We are entering a new phase of the space age. The era of superpower rivalry has been replaced by intense commercial activity in orbit and by new types of vehicles operating at the margins of space. Virgin Galactic and Blue Origin are about to start flying tourists in those margins, while militaries are experimenting with hypersonic flight in the upper atmosphere and hucksters are advertising high-altitude stratospheric balloon flights at the edge of space. As a result, the six-decade-old delimitation question has gained renewed relevance: Where does outer space begin? How high do you have to fly to be a space traveler?
Of course, Earth’s atmosphere has no sharp edge. Its density decreases exponentially with altitude, and it slowly becomes largely ionized but still detectable even 1000 km above Earth. Interplanetary space itself is not a perfect vacuum, and one could argue that the boundary of our atmosphere is the magnetosphere bow shock, where the flow of the solar wind around our planet interacts with the gas that is loosely bound to Earth. But in practice everyone agrees that you are in outer space well before you reach the tens of thousands of kilometers to which the magnetosphere extends.
At the other extreme, some have argued for the so-called Armstrong limit at an altitude of only about 19 km, where water can boil at normal body temperature and an unprotected human cannot survive even with an oxygen supply. (The limit is named after Harry Armstrong, a major general in the US Air Force and unrelated to astronaut Neil.) But the ability of airplanes and balloons to fly well above that limit makes it implausible to assert that 20 km is in outer space.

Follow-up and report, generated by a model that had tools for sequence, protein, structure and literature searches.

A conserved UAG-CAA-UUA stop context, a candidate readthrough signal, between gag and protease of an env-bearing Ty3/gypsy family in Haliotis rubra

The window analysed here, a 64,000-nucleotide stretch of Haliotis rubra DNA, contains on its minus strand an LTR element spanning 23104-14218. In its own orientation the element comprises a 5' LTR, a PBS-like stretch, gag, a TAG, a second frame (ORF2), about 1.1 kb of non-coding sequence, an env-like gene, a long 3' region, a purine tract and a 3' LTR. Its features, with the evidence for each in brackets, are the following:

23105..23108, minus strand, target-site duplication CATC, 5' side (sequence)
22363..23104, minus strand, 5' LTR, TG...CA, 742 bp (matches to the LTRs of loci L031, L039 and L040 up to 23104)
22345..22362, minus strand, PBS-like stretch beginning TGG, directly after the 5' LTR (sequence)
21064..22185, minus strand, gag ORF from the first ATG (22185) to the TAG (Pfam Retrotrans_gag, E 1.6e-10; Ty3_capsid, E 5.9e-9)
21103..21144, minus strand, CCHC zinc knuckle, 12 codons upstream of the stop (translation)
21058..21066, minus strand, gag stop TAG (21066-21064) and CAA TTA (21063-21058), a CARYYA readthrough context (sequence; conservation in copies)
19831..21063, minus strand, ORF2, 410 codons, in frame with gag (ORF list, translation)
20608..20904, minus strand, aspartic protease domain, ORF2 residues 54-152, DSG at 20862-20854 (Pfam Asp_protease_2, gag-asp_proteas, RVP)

The Kármán line
Aerospace pioneer Theodore von Kármán argued that the point where orbital dynamics forces exceed aerodynamic forces is a sensible place to set the limit—now known as the Kármán line (see figure 1, in which k = 0 defines the Kármán line height). His proposal is the most widely accepted definition of outer space and was originally popularized in 1963 by space lawyer Andrew Haley. (At the time, space law dealt mostly with international treaties; now it’s also about licensing commercial satellites.)
Modern commentators often assume that the order-of-magnitude estimate of 100 km for the Kármán line’s altitude is actually its definition. But that assumption is not historically correct. In a 2018 paper in Acta Astronautica, I showed that von Kármán’s argument places the line close to 80 km, largely independent of atmospheric variations and satellite properties.
Von Kármán’s original point was that an altitude exists where generating lift with a wing is impossible. That’s because you would have to fly so fast in the thin atmosphere that you’d exceed the Keplerian velocity, the speed at which a satellite flies in a circular orbit at that height. But a basically identical calculation shows that drag dominates gravitational forces on an orbiting satellite at a similar height. The result depends a little on the mass-to-area ratio of the spacecraft—whether it’s a balloon, say, buffeted by the thin wind or a dense object plowing through the exosphere. The effect is captured by a quantity known as the satellite’s ballistic coefficient, essentially its drag per unit mass, which varies from 0.005 m2/km to 0.05 m2/km for the majority of spacecraft.
Nevertheless, the atmospheric density falls off so rapidly in the 70–100 km region that the location of the effective Kármán line doesn’t actually change much for the different cases. At higher altitudes, the atmospheric density is highly sensitive to solar activity; below 100 km it’s much less sensitive. The upshot is that using von Kármán’s criterion, the theoretically calculated boundary is always between 70 km and 90 km, with 80 km being a reasonable representative value. Because drag is proportional to atmospheric density and to the square of the satellite’s velocity, the large density causes rapid deceleration below that height and makes the satellite fall out of orbit. The strong braking also generates extreme heating, and in the absence of a heat shield, the satellite quickly breaks apart and melts.